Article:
Friday, November 26, 2010

Developmental Commissions

In addition to the main projects that VANSA has selected for Two Thousand and Ten Reasons to Live in a Small Town, there were a number of proposals that the curatorial team felt showed substantial potential but would benefit from a small commission to further their research and to further develop their proposed projects.

This commission is designed to give them the resources and the opportunity to find additional funding for realization in the future. Below are the projects selected and brief bios of the artists involved.

Natal Patria – Margate, Kwa-Zulu Natal
Bianca Baldi

In 1922, there were reports of a sea monster that washed up on the beach in the Margate Ramsgate area. The monster, named Trunko, is well documented in the annals of crypto-zoology and is listed alongside others such us the Loch Ness Monster and the Yeti. Baldi proposes to use the historical documented accounts and the town’s archive to enact a public event that will be formulated by the community members. The culminating event will be modeled on processions similar to those held for sporting events.

Bianca Baldi was born in Johannesburg in 1985 and lives and works between Frankfurt and Cape Town. Baldi completed her BA(FA) in Studio Practice and Theory at UCT and is currently studying at The Staatliche Hochschule fur Bildende Kunste Stadelschule in Frankfurt. Baldi has exhibited widely in Cape Town at Blank Projects, the AVA and serialworks amongst others.

Up and Down – Bekkersdal, Gauteng and Masiphumelele, Western Cape
Steve Bandoma and Maurice Mbikayi

Up and Down aims to create an experience of participation somewhere between sport and artistic site-specific interventions. Bandoma and Mbikayi aim to build two soccer pitches, one in Gauteng and one in the Western Cape. Playing with the metaphor of the ‘level playing field’, they will be traditional soccer fields with a difference: one will be built on a hill and the other in a valley with the fields conforming to the shape of the landscape. The project intends to foster dialogue between foreign nationals living in the town and local residents through soccer matches on these pitches.

Steve Bandoma was born in Kinshasa, DRC in 1982 and graduated with a degree in Fine Art from the Academies des Beaux-Arts. He subsequently moved to South Africa in 2005 and has participated in several group exhibitions both locally and internationally.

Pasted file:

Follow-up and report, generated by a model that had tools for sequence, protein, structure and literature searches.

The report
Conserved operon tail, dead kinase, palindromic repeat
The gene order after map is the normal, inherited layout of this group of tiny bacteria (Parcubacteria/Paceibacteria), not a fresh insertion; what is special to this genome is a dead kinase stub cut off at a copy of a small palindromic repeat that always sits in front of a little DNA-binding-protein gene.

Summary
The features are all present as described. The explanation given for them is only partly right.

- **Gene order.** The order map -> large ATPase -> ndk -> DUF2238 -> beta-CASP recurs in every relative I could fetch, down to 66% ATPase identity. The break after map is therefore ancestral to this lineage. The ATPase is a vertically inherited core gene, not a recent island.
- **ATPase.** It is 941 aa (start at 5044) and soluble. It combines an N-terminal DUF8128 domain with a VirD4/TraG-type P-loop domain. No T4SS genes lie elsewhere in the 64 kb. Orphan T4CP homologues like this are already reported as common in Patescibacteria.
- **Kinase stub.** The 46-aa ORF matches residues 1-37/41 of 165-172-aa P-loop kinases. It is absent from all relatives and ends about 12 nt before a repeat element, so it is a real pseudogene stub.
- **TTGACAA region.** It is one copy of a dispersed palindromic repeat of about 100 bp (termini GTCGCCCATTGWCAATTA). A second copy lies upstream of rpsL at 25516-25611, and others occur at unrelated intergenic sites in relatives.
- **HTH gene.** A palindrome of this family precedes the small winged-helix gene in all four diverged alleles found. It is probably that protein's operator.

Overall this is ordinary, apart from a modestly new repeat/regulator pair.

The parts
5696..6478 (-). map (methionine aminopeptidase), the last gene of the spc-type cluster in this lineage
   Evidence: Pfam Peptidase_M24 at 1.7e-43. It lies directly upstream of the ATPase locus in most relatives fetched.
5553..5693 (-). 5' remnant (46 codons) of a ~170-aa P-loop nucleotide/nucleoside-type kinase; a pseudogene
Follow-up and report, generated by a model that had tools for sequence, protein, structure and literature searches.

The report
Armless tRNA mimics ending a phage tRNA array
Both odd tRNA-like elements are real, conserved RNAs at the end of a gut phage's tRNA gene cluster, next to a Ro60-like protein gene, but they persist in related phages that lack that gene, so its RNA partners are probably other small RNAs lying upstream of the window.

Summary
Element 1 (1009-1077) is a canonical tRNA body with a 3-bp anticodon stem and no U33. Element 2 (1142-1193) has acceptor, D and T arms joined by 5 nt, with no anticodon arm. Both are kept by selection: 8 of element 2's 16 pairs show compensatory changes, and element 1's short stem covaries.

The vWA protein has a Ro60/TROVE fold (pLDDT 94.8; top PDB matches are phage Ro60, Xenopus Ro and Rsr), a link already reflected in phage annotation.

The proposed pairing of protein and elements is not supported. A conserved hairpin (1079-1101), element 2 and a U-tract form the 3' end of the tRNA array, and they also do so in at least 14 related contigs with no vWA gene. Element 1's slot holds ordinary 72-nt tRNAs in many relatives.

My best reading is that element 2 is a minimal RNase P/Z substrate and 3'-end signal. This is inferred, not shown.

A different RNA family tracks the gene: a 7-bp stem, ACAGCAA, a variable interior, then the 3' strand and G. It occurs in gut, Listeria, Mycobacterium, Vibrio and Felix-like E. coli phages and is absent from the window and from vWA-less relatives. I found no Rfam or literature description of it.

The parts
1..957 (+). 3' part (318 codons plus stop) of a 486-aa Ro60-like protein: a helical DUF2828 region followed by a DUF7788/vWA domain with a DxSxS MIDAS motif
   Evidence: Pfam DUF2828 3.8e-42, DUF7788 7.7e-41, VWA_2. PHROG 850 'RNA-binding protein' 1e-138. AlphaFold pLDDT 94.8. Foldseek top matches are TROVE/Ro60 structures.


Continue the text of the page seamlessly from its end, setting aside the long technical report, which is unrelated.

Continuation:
Maurice Mbikayi was also born in Kinshasa, DRC and completed his education in sculpture at a Polytechnic Academy and in 2000 graduated from the Academies des Beaux-Arts with a diploma in Graphic Design and Visual Communication. Mbikayi was selected for the Spier Contemporary 2010 and was nominated to participate in the 2010 Hollard Exchange Programme facilitated by the Spier Arts Academy in Cape Town.

Mighty Tiny – Naledi Rural, Free State
Meghan Judge

Mighty Tiny plans to engage the town with a series of workshops the artist calls “inventive realisation”. These workshops will explore the notion of transport as an integral part of peoples daily lives by investigating different modes of transport and recreating/reimagining these using scrap metals and recyclable material. Judge aims to use the opportunity to continue the research needed by engaging in complex series of workshops using photography and narrative techniques to explore their immediate environment. This is designed to introduce ideas of sequential art forms and process.

Meghan Judge graduated from the Michael Mount Waldorf School in 2001 and subsequently won a scholarship to Boston Media House to study animation, the only institution to offer a full comprehensive course in animation in South Africa at the time. Following this Judge, began travelling and studying and exploring the various forms of sequential art, frequently collaborating with artists, musicians and film makers.

Secret (Agent of Change) – Coffee Bay, Eastern Cape
Heath Nash

Heath Nash has proposed to work quite closely with the Masizane Womens’s Group, a weaving collective in the town in productive development and skills transfer while retaining and reinvigorating the heritage of weaving and beading in the area. The end result envisioned involves drawing in younger community members to learn and propose a permanent structure using traditional techniques that would be of use to the community as a whole.

Heath Nash is a contemporary designer with a growing national and international profile. He graduated with a BA(FA) from the Michaelis School of Fine Art, and runs his own company, Poise and maintains a studio space called “its beautiful here.” Nash’s design work focuses on process and each piece is informed by the material used to fabricate it. Ideas, around traditional methods, recycling, sustainability, process and the materiality of the object are fore grounded.

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